Skip to main content

Fenelon Place Elevator

When someone thinks of incline railways, you might think of a place like Pittsburgh, Pennsylvania, Johnstown, Pennsylvania or Chattanooga, Tennessee. A bluff in Dubuque, Iowa may not be the first place you think of finding an incline railway, but that is where you will find the Fenelon Place Elevator Company's incline railway.



The Fenelon Place Elevator is described as the world’s shortest, steepest scenic railway. It is 296 feet in length and elevates passengers 189 feet from Fourth Street near downtown Dubuque up the hill to Fenelon Place. At the top, you will find a magnificent view of the business district in historic Dubuque, fantastic bridges and the Mississippi River along with views of the Driftless Area of neighboring Illinois and Wisconsin.

The story of how the Fenelon Place Elevator came to be is an ode to the famous meme where Dave Chappelle implies that modern problems require modern solutions, except the beginnings of the Fenelon Place Elevator goes back to 1882. At that time, everything shut down at noon in Dubuque for an hour and a half while everyone went home to dinner. Mr. J.K. Graves, a former mayor and former State Senator, also promoter of mines and a banker, lived on top of the bluffs and worked at the bottom of the bluffs in town. However, because of where the bluffs were located in town, he had to spend half an hour driving his horse and buggy to get to the top of the bluff to his home and another half an hour to return downtown, even though his bank was only two and a half blocks away from home. J.K. Graves liked to take half an hour for his dinner, then a half an hour nap before going back to work, but this was impossible because of the long buggy ride.

Based on the travels Graves had taken around Europe, he had seen incline railways in use and decided that a cable car would solve his problem. He petitioned the city for the right to build an incline railway and the franchise was granted on June 5, 1882. John Bell, a local engineer, was hired to design and to build a one car cable modeled after those in the Alps. The original cable car, which was built for Graves’ private use, consisted of a plain wood building that housed a coal-fired steam engine boiler and winch. A wooden Swiss style car was hauled up and down on two rails by a hemp rope. J.K. Graves’ cable car operated for the first time on July 25, 1882. After that, he had his gardener let him down the bluff in the morning, bring him back up the bluff at noon, back down after dinner and nap, and back up again at the end of the work day. Before long, neighbors began meeting him at the elevator asking for rides up and down the bluff.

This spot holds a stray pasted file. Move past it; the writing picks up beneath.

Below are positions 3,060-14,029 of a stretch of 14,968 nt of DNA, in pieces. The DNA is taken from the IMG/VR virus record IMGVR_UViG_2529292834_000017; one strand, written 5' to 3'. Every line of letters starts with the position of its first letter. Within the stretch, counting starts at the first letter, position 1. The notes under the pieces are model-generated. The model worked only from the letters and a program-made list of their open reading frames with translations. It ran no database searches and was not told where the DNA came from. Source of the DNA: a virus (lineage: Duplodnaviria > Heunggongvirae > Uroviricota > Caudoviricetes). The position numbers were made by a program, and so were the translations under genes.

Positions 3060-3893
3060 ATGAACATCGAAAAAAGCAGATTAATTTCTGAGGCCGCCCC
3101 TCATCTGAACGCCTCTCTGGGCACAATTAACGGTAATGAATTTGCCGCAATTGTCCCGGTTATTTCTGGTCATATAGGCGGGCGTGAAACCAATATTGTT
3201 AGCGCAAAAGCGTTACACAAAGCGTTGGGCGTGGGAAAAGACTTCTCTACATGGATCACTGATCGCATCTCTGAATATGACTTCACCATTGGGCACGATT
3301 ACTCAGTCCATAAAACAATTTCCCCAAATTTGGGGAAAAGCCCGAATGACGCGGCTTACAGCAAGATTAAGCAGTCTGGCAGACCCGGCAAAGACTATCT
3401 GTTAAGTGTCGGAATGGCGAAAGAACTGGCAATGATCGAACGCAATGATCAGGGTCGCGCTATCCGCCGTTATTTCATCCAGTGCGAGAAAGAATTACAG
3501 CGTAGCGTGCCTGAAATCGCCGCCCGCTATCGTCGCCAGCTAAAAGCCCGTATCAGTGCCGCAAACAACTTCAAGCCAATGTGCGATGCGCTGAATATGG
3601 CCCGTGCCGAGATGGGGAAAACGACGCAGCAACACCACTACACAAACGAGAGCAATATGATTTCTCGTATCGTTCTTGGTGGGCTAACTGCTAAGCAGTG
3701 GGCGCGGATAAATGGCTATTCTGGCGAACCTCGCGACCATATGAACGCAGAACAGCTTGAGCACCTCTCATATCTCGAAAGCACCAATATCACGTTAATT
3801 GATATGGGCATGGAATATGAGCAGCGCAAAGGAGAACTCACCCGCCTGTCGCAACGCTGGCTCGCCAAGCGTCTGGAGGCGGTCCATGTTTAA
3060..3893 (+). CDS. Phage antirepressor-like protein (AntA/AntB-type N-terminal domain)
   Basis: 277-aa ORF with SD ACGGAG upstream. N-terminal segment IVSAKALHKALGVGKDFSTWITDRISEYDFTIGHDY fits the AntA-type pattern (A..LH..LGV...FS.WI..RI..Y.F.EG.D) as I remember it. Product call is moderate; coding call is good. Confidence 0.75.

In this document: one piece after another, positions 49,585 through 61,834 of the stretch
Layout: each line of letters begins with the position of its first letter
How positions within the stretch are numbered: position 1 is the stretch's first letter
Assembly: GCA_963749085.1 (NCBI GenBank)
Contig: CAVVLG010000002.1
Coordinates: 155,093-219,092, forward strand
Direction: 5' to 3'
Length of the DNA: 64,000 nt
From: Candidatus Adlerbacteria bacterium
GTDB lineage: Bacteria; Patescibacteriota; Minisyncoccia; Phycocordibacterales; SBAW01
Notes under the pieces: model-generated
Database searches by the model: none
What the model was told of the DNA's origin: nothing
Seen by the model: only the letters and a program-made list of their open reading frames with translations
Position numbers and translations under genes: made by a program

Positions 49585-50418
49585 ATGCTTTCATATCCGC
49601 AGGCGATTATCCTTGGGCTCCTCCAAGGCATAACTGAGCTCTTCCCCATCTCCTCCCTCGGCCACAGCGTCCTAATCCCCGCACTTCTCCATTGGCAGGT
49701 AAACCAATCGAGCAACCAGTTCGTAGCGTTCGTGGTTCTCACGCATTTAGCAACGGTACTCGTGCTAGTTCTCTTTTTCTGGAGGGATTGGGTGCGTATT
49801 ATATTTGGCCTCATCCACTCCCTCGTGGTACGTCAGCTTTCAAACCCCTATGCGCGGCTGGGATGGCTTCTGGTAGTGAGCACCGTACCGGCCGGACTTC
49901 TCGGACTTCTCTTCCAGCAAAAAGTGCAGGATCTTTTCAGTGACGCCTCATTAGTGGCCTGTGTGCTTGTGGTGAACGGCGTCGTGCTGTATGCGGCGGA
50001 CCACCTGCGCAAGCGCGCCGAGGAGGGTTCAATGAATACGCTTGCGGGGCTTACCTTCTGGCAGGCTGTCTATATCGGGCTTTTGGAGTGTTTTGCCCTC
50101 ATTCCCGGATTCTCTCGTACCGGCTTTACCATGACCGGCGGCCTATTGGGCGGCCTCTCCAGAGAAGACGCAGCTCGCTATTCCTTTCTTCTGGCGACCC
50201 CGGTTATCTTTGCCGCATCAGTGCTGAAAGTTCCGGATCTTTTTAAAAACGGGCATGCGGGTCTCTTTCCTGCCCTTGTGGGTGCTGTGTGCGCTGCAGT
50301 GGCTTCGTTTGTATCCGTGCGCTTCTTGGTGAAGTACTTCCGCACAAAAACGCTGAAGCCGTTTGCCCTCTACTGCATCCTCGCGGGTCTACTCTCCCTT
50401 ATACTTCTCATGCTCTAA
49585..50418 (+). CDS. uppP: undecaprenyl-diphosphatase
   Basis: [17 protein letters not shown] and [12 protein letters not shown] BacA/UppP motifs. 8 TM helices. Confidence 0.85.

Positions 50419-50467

On July 19, 1884, the elevator burned when the fire that was banked in the stove for the night was blown alive. After Mr. Graves rebuilt the elevator, he remembered how his neighbors showed up when he used the cable car and he decided to open it to the public. He charged five cents a ride. The elevator burned again in 1893. But because there was a recession, Mr. Graves could not afford to rebuild the cable car. The neighbors had come to depend on the elevator to get them up and down the bluff.

As a result, ten neighbors banded together and formed the Fenelon Place Elevator Company. Mr. Graves gave them the franchise for the right of way for the track. This group of neighbors traveled to the 1893 Columbian Exposition in Chicago, Illinois, to look for new ideas on how to operate the incline railway. They brought back a streetcar motor to run the elevator, a turnstile, and a steel cable for the cars. They had remembered that each time the elevator house burned, the fire also burned through the hemp rope that held the car and sent it crashing down the hill destroying it and the little house at the bottom. Trying to assure that didn't happen, they switched to a modern steel cable to bring the cars up and down the hill. Then, they installed three rails with a fourth bypass in the middle to allow for the operation of two funicular, or counterbalanced cars.

By 1912, C.B. Trewin, who had built a house next door in 1897, became the sole stockholder of the Fenelon Place Elevation Company, as he had bought up the stock from the original ten stockholders since they either passed away or moved on. Mr. Trewin modernized the incline railway, by adding garages to the north and south sides of the operator’s house in 1916. He also added a second floor apartment, which the neighborhood men used for a meeting room where they could smoke and play cards without the wives interfering.